Varlam Shalamov's style is minimal, brutal, and straight-forward. He does not preach to his reader about terror, torture, death, and injustice. Rather, he describes the horrible experiences he endured in short stories that are far more like eye witness narratives than the typical short story. He does not need to tell you that cutting off a man's hands is a terrible crime, he just describes the actions and allows the reader to absorb the impact as they read the cold, hard narrative. Life in Kolyma had no frills and lace, and neither does Shalamov's narrative style.

I think this book would make excellent classroom reading and discussion for high school seniors. I say this primarily because of the exposure to the Soviet system of social control, especially between 1936-1956. Understanding totalitarianism and social control should be part of our education of our youth. I also think that Shalamov counters the concept that suffering is redemptive. Rather, Shalamov indicates that extreme hunger, torture, work, beatings, exhaustion, cold, and experience of arbitrary death and injustice gradually destroys any human being, depriving them of uplifting emotions, imagination, creativity, and finally empathy and a sense of self survival.

Shalamov carefully demonstrates this loss of our humanity under conditions of extreme torture, exhaustion, hunger and cold by showing character after character disintegrating in unique but common ways. In general, empathy and sympathy are gradually dissolved in the horror of their experiences and are replaced by a depressed apathy. Rarely does he show the downward spiral to go from nobility to criminal cruelty. Rather, his characters become devoid of emotions, both positive and eventually even negative, before they give up.
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52 of 56 people found the following review helpful By S. F Gulvezan on January 27, 2001
Format: Paperback
Another reviewer has written that the English translation of these stories pales besides the Russian original. If that is so, I wish I could read Russian, because the stories in the English translation are among the best I have ever read. This book, tales of life in the Soviet GULAG, stands shoulder to shoulder with Tadeusz Borowski's THIS WAY FOR THE GAS, LADIES AND GENTLEMEN, which is composed of tales of life in Auschwitz, as the finest examples I have read of stories of man's inhumanity to man told in such an understated fashion that, once read, they are unforgettable. Shalamov was a genius.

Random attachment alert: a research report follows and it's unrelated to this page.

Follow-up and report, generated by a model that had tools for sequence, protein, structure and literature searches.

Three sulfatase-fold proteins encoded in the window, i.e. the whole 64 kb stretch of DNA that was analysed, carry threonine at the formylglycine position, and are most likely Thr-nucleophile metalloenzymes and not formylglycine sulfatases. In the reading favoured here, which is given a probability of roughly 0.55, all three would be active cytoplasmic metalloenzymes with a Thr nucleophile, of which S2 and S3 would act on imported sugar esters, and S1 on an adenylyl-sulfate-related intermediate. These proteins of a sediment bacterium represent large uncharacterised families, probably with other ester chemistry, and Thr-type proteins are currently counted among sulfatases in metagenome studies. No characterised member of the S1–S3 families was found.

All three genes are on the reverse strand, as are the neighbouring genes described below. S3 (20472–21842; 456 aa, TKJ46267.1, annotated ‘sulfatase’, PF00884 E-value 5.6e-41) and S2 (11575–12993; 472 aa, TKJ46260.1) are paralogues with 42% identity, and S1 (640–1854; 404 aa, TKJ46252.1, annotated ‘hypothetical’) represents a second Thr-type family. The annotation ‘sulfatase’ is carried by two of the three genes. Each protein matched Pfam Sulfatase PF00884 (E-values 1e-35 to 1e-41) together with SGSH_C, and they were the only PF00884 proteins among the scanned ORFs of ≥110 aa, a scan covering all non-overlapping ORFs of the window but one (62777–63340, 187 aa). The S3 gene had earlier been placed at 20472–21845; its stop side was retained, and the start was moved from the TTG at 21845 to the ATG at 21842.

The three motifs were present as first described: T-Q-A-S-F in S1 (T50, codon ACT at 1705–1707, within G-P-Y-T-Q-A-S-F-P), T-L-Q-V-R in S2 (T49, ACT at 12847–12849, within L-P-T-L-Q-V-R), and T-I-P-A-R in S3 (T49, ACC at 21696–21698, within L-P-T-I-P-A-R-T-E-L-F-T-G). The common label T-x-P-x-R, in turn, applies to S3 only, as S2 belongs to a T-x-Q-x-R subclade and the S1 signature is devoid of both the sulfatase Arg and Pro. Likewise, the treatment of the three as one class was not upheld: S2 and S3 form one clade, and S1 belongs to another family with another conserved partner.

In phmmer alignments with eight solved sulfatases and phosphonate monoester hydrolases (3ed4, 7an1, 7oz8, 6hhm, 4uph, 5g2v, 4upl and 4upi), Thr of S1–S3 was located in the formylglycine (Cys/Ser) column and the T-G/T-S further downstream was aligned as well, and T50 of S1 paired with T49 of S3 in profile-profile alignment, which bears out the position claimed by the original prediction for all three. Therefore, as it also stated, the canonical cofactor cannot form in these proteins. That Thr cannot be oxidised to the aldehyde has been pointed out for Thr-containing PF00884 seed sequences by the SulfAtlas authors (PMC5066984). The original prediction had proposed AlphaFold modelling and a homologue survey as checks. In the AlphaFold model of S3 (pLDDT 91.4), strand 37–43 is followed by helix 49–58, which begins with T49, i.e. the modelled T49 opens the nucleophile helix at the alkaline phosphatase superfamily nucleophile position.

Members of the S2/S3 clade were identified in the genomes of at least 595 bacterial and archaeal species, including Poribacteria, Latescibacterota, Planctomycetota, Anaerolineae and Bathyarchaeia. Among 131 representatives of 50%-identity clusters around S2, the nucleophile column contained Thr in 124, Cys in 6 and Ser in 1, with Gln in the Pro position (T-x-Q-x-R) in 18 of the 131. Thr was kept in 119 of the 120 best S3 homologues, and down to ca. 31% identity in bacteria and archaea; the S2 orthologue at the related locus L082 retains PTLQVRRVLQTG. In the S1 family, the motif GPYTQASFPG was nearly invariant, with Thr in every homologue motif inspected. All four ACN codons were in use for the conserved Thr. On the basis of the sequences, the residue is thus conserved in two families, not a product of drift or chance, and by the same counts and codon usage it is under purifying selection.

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20 of 20 people found the following review helpful By A Customer on February 23, 1999
Format: Paperback
I first read Shalamov's book many years ago as a teenager and have never forgotten it. Now I live and work in the former Soviet Union, not far from the site of the camp where Solzhenitsyn was imprisoned, but a very long way from the Kolyma, which Solzhenitzyn himself said was the "pole of suffering". I see the effects of the old system in people every day - the emotional, psychological, moral, spiritual catastrophies that mar individual's lives even today in 1999. Read Shalamov's book and think quietly.
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42 of 47 people found the following review helpful By yborodovsk@aol.com on November 30, 1998
Format: Paperback
By simple count John Glad chose to through out about 15% of actual words from the Shalamov book (Compare "On Tick" for example if you know Russian and English). Without those words that "translator" obviously considered unnecessary book of great literature became mediocre exercise in horrors of Gulag. What a hatchet job! What a shame! If anyone can point me to a decent translation, I'll appreciate it.